The Edinburgh Fringe Festival is big, hectic and chaotic. There are way too many people, way too many shows, way too many impromptu parties, pubs and clubs.
Sounds great, doesn't it?
If you are going to make the most of your time at the Edinburgh Festival, a few survival strategies should help. Here are some ideas that will help you have a great time without missing out because you've tried to squeeze too much in or because you are too tired, cold, wet, hungry, thirsty or hungover.
Get your bearings
The Edinburgh Fringe Festival takes place all over town. Before you arrive, look at some Edinburgh maps, and, most importantly, locate the tourist information office near Waverly Station. If you've never been to Edinburgh before, it's the best place to go for maps and a general overview of the city.
It's possible to book Edinburgh Fringe shows before you arrive. But don't overdo it. If you book up every free minute, you miss the opportunity of picking up on the festival buzz and going after what strikes your fancy on the day. What makes Edinburgh so special is the way you can follow your nose, an attractive poster, a funny leafletter or the advice of a stranger you meet in a pub to discover a show you hadn't heard of two minutes before. You might end up watching a dud, but you also might fall upon the discovery of the festival. That's half the fun.
Start out early
You know who gets the worm. Be an early bird yourself if you want a chance at the best tickets -- or the best chance at the tickets you want. Sleep late and you'll have to settle for the leftovers, so wakey wakey.
Make a daily plan - and a plan B
Read the festival program or online guides like the WOW Guide, put out by The Scotsman, Edinburgh's local paper. Talk to people over breakfast and then head out with a plan of what tickets, sights, daytime events you'll be going after. Try to stick to it. Otherwise, if you let your head be turned by every tempting offer you pass, you'll end up like one of those people who have to read every menu of every restaurant in town before deciding and end up missing lunch.
Do have a Plan B though, and probably a Plan C and D. If a show (cabaret, comedy act, dance party etc) is hot, tickets will go quickly so it's a good idea to have a few alternative ideas.
Aim for a mix of experiences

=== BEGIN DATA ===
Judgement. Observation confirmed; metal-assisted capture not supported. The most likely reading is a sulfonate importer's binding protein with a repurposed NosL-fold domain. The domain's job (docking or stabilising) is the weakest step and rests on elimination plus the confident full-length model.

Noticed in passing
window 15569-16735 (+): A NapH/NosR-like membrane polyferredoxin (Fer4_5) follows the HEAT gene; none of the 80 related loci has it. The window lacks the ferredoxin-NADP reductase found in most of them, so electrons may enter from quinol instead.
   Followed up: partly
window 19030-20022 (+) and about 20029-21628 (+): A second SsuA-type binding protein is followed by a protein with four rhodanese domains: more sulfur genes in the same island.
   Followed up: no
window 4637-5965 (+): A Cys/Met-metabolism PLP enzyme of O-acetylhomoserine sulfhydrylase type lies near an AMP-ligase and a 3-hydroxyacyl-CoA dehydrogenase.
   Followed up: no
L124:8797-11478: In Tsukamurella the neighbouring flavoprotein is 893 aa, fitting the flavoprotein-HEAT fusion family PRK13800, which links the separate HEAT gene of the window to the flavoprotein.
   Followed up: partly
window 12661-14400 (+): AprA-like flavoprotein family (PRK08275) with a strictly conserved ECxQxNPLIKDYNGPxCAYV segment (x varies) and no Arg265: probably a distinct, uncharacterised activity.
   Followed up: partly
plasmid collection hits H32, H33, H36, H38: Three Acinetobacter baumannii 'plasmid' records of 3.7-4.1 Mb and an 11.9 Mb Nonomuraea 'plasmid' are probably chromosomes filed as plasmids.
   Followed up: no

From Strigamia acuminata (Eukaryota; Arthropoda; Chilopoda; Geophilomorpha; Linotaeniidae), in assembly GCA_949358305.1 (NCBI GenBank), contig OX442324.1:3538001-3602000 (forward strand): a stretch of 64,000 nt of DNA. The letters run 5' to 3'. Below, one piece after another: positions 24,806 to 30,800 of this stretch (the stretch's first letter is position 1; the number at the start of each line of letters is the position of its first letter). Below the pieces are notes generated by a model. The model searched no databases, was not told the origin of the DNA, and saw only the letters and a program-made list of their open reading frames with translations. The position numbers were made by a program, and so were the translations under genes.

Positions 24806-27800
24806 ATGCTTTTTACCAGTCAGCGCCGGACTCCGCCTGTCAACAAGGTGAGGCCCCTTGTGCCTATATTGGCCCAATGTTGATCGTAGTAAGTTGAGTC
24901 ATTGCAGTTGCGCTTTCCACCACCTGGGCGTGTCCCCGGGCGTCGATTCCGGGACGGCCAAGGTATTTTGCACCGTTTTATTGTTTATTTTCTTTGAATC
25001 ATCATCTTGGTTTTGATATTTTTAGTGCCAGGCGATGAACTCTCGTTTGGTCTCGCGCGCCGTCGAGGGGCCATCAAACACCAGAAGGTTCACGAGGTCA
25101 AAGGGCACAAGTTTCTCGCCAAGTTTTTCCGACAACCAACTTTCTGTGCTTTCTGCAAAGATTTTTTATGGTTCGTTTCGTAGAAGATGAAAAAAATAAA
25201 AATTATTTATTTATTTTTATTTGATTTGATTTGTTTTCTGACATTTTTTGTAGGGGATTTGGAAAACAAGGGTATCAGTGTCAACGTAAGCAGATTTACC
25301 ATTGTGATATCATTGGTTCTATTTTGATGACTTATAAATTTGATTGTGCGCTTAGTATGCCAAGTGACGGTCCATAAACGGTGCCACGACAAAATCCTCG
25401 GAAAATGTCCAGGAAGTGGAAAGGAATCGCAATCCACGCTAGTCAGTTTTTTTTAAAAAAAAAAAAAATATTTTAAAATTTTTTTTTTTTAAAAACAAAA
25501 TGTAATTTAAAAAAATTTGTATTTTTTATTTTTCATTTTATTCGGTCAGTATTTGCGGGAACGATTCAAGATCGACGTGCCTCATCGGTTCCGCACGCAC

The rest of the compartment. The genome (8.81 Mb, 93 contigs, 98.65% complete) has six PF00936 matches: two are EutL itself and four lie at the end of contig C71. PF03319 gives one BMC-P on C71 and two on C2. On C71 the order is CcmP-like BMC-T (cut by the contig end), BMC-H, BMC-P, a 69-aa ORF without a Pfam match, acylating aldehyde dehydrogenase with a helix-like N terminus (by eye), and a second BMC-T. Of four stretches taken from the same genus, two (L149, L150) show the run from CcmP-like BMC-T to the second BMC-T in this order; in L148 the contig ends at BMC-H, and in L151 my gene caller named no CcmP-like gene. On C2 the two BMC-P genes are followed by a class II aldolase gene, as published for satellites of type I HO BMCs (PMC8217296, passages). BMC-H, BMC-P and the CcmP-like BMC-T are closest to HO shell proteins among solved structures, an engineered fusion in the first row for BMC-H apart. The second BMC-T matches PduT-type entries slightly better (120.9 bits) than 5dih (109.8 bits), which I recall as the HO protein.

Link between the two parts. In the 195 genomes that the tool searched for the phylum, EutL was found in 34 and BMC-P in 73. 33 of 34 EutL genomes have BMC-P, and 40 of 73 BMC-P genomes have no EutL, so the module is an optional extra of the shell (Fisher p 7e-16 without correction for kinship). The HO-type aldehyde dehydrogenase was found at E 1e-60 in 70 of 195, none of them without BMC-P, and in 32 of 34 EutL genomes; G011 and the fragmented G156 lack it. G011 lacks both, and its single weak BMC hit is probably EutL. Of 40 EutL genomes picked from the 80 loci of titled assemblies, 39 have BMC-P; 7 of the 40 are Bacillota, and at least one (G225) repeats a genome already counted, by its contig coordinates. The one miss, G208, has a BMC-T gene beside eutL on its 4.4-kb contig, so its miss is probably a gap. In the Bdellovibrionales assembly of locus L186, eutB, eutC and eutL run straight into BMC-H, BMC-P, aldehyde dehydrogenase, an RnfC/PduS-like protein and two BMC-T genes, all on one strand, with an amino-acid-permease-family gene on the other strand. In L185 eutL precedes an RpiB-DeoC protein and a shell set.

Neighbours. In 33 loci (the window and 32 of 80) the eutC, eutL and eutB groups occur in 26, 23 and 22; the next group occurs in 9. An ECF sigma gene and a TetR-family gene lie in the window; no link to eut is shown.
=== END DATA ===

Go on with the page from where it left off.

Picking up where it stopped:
Go after tickets for theatre, stand-up comedy, music, cabaret, physical theater and so forth. Try a couple of daytime workshops or talks with writers and performers. Go tea dancing in The Famous Spiegeltent. Edinburgh showcases everything. Make the most of that fact by trying a variety of performance styles and theatrical forms.
Check out the other festivals
At least five other festivals take place in Edinburgh at the same time as the Edinburgh Fringe Festival. Check them out for a change of pace or to mingle with a different crowd. While at the Fringe, you can also attend:
Pack suitable clothes
Edinburgh is a casual party with a lot of walking, plenty of outdoor events and a pretty good chance of rain. This is not the time to break in a new pair of shoes or to totter around on stilletoes. If you don't want to be burdened with an umbrella, plan on having a rain hat and a waterproof mac for the wet weather days you can pretty much count on. Similarly, bring something waterproof for sitting on the ground. And don't forget to bring a few warm things. Even in August you can never tell when the temperature may drop. There is nothing worse than trying to have a good time when you are cold and wet and your feet have blisters.
Carry snacks and water
The time can really slip by during the festival. Days are long and distractions are many. It's easy to miss a meal or two because you are having fun, or because the queues are too long to bother with. Carry some lightweight, high energy snacks and a bottle of water with you. The munchies can strike at any time.
Only you know how many late nights in a row you can handle, how many miles you can walk, how much head banging you can take. Edinburgh is full of sirens to lure you into one more cabaret act, one more pint of beer, another half hour of conversation. And the pubs and clubs stay open until 5 a.m. for the festival. Keep your own limits in mind. That extra drink that seems like such a good idea on the night may seem less of a good thing when you miss a show sleeping off a hangover. Have fun but keep your stamina up.
Maybe you've never considered renting a room in a private home before. Or staying in a hostel. Just because you've set your heart on an Indian meal, don't turn your nose up at pizza. And if you can't get tickets for the comedy act, play, gig, you're after, be willing to take a chance on something else.
The more flexible you are - about accommodations, meals, entertainment - the more you are likely to go with the flow and have a great time.